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Asciano to axe workforce with Port Botany expansion
19/07/2012 - Asciano will axe half its Sydney workforce as it expands and automates its Port Botany container terminal. Kim Christian
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About 270 jobs will be made redundant once the $348 million project to increase capacity at the terminal by more than a third is completed in 2014.
The ports and rail operator says the expansion will transform the facility into a world-class automated operation with four berths and 1.4 kilometres of quay line, delivering savings of $50 million per year.
Chief executive John Mullen said while Asciano had operated automation technology in Brisbane for several years, it was focused on making its biggest investment to date in Sydney.
However uncertainty remains about whether Asciano will take its expansion and automation plans further south to Melbourne.
Mullen said Asciano couldn't make a decision on Melbourne until capacity issues were resolved.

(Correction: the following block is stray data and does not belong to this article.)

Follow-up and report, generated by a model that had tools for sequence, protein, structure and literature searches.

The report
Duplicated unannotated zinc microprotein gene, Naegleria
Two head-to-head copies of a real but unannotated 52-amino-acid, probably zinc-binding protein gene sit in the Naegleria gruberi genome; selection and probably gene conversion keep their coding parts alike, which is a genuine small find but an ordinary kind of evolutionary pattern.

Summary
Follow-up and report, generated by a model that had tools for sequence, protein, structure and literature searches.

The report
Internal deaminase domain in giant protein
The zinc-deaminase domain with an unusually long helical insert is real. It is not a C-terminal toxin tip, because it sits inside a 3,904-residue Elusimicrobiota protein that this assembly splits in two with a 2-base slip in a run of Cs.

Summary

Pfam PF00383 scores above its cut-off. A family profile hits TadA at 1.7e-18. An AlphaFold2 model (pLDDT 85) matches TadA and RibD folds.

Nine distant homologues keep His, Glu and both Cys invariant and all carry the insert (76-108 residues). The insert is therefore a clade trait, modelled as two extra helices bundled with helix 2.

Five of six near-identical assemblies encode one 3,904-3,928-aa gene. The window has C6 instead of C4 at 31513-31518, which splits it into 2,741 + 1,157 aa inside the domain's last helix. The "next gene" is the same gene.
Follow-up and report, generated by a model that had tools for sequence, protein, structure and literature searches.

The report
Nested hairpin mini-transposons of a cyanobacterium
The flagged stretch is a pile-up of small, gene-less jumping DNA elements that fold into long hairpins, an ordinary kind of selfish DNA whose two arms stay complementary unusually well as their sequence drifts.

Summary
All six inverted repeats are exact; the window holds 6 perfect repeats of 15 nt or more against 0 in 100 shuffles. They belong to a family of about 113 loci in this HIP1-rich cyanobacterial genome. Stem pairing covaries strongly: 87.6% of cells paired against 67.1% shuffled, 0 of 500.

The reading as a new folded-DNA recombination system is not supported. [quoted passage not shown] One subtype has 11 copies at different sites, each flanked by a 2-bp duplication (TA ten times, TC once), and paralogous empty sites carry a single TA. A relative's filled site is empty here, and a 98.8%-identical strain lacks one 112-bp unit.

"Melbourne runs pretty well and yes, maybe one day in the future we'd look at it, but right now we don't have any plans," he told reporters.
Asciano, which owns the Patrick terminals and logistics business, will introduce automated straddle carriers to move containers at Port Botany.
The straddle carriers are already used at Asciano's Brisbane terminal and do not require any one to operate them.
The changes will mean the majority of the terminal will be fully automated, except for crane unloading and reloading.
As a result, 270 jobs will go from Asciano's 511-strong Sydney workforce.
The Maritime Union of Australia (MUA) said the company had previously issued assurances that the expansion would not result in job losses.
"Patrick gave us commitments, time and time again when the question was asked about the introduction of new technology, that they would be investing in up to 20 straddles that would be manned by human beings," MUA Sydney branch secretary Paul McAleer told reporters.
He said it was too early to rule strike action in or out.
Asciano's upgrade plan comes three months after it reached agreement with the MUA on a new enterprise agreement for container terminal workers across Australia.
The agreement was struck following 20 months of negotiations, and strike and industrial action that cost Asciano more than $15 million.
While Asciano looks to automate more of its east coast terminals, its operations in Fremantle are understood to be a lower priority given its smaller size and lower levels of return.
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